Few artists have musically reinvented themselves as many times as Nelly Furtado. Who would have thought that the same girl who sang “I’m Like a Bird” could turn out “Maneater” just a few years later?
At this point in her career, Nelly is a guaranteed hit maker thanks to her energetic performances and strong fanbase. But that’s not all that keeps listeners coming back for more. Part of the fun when it comes to a new Nelly Furtado album is that you never know exactly what to expect.
If you feel like Nelly Furtado has been missing from the Top 40 for a few years, that’s because she’s been busy conquering Spanish-speaking music audiences. Her Spanish album, Mi Plan, won a Latin Grammy in 2010.
Nelly’s latest release, The Spirit Indestructible, is out now. We had a chance to catch up with her via email and ask a few of our burning questions. Read on for the interview.
Crushable: Your music seems like it is constantly evolving – your body of work contains quite a range of musical styles. Has that been intentional, or was it a natural progression?
Nelly Furtado: I don’t really plan my detours out; they just kind of happen, like when you’re on a road trip and you take an exit cuz it just feels right. I guess you can call me a musical Magellan. I see the musical world through very international eyes… there’s a lot of music out there to explore. I also grew up playing trombone in school orchestras. An open musical mind was essential.
Your Spanish album, Mi Plan, won a Latin Grammy. Does it feel really different to perform and record in Spanish?
Yes. I had to really pay attention to song themes in Spanish. The approach to metaphors and frame of reference is totally different. You can’t be quite as subversive as one can be in English. I learned how to create a song with a very defined subject matter and have a song really make a point. It was fun and educational.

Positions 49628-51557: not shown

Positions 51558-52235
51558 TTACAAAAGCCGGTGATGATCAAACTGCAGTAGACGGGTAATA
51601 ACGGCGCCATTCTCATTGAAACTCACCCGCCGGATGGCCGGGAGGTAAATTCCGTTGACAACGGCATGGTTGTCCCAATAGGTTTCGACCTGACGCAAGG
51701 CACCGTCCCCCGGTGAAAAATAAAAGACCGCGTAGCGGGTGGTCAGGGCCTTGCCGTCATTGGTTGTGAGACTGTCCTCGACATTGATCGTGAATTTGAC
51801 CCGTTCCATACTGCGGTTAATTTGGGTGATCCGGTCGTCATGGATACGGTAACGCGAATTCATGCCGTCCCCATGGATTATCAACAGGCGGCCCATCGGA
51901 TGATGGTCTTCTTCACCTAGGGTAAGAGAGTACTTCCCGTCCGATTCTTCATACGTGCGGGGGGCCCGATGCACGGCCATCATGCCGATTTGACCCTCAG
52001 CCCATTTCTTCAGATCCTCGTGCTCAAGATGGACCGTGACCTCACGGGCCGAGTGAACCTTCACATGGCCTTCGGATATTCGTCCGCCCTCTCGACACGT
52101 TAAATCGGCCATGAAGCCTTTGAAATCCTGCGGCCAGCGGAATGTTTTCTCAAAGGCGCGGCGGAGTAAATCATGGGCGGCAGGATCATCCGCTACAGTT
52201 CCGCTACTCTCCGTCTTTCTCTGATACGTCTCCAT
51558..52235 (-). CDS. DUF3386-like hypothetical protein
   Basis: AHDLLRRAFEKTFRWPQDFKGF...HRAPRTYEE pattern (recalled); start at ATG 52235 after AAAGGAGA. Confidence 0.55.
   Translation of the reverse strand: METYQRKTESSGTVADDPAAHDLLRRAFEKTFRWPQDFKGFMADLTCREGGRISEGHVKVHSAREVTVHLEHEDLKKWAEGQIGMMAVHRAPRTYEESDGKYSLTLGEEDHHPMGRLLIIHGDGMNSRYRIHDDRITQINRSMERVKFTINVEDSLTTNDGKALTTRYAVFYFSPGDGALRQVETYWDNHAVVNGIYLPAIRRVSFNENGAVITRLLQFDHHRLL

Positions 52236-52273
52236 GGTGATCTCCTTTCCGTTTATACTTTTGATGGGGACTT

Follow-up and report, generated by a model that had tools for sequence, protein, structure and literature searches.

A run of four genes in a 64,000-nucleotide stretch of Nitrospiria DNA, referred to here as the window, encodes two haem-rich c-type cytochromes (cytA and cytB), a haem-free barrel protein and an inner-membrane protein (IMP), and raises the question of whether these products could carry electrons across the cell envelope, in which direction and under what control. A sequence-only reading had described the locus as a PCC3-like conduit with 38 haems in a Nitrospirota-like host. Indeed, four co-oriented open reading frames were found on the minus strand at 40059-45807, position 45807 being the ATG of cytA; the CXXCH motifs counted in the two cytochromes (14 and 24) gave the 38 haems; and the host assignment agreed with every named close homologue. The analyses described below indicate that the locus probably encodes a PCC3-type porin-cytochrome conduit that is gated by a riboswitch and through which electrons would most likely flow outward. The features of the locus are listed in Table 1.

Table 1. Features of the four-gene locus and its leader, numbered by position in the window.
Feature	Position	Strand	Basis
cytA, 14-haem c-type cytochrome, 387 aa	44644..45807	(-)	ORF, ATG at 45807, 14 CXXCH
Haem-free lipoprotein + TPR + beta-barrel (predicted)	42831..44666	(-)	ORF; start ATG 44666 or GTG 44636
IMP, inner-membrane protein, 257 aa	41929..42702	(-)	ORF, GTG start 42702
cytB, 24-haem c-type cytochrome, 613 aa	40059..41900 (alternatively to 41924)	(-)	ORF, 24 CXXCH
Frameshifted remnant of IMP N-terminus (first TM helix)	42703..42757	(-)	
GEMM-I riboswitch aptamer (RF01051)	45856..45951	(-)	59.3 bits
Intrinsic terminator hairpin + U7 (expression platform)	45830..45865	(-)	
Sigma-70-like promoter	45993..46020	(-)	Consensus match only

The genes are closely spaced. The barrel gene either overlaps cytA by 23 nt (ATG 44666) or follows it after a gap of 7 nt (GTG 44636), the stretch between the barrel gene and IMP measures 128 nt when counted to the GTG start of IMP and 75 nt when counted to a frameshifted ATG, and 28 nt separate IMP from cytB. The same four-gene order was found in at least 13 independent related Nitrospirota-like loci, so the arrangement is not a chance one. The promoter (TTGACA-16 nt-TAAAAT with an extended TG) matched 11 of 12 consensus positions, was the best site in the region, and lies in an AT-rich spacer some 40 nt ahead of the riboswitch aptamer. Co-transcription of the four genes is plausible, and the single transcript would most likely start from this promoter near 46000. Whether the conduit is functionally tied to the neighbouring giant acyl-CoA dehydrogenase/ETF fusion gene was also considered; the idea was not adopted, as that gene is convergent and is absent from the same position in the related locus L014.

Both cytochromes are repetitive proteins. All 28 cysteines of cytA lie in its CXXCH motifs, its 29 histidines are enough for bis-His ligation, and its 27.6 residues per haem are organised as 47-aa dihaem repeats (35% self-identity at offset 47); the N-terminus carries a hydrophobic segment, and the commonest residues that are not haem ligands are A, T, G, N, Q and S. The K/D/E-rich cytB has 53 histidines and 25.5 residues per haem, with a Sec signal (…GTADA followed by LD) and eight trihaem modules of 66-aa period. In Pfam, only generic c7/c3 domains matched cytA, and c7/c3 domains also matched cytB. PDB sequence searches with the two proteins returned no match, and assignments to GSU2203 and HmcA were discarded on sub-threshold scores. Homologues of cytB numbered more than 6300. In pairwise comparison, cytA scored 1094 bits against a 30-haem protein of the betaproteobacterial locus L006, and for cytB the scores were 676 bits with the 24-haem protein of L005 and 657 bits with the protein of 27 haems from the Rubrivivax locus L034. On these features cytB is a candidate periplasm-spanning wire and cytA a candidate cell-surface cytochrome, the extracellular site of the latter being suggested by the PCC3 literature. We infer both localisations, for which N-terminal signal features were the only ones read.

Do you still like to perform older songs, like the ones from Whoa, Nelly?
Yes, I like performing them even more today!
Looking back on your career, is there anything you would change?
Yes! I would have recorded more albums and taken it all less seriously.
You’ve collaborated with a lot of really incredible artists. Who are a few of the most memorable for you?
Michael Bublé and Missy Elliott.
Tell us a little bit about your new album! What kind of sounds can we expect to hear?
Reggae, EDM, hip hop, R&B, folk, rock and world music. It’s loud, unbalanced, right but wrong… It’s like a friendly, positively charged punch in the gut!
Has the way you look at the music industry changed at all?
Nope. I’m still a dreamer. I still believe music can change the world. It’s the Woodstock dream… the Beatles dream… without optimism we die.
What advice would you give to someone looking to make a career for themselves in music?
Write songs, play instruments, and spend time with as many musicians as possible. It will happen naturally and you’ll discover your unique sounds this way. You’ll be unstoppable, confident, and full of stripes to carry you through.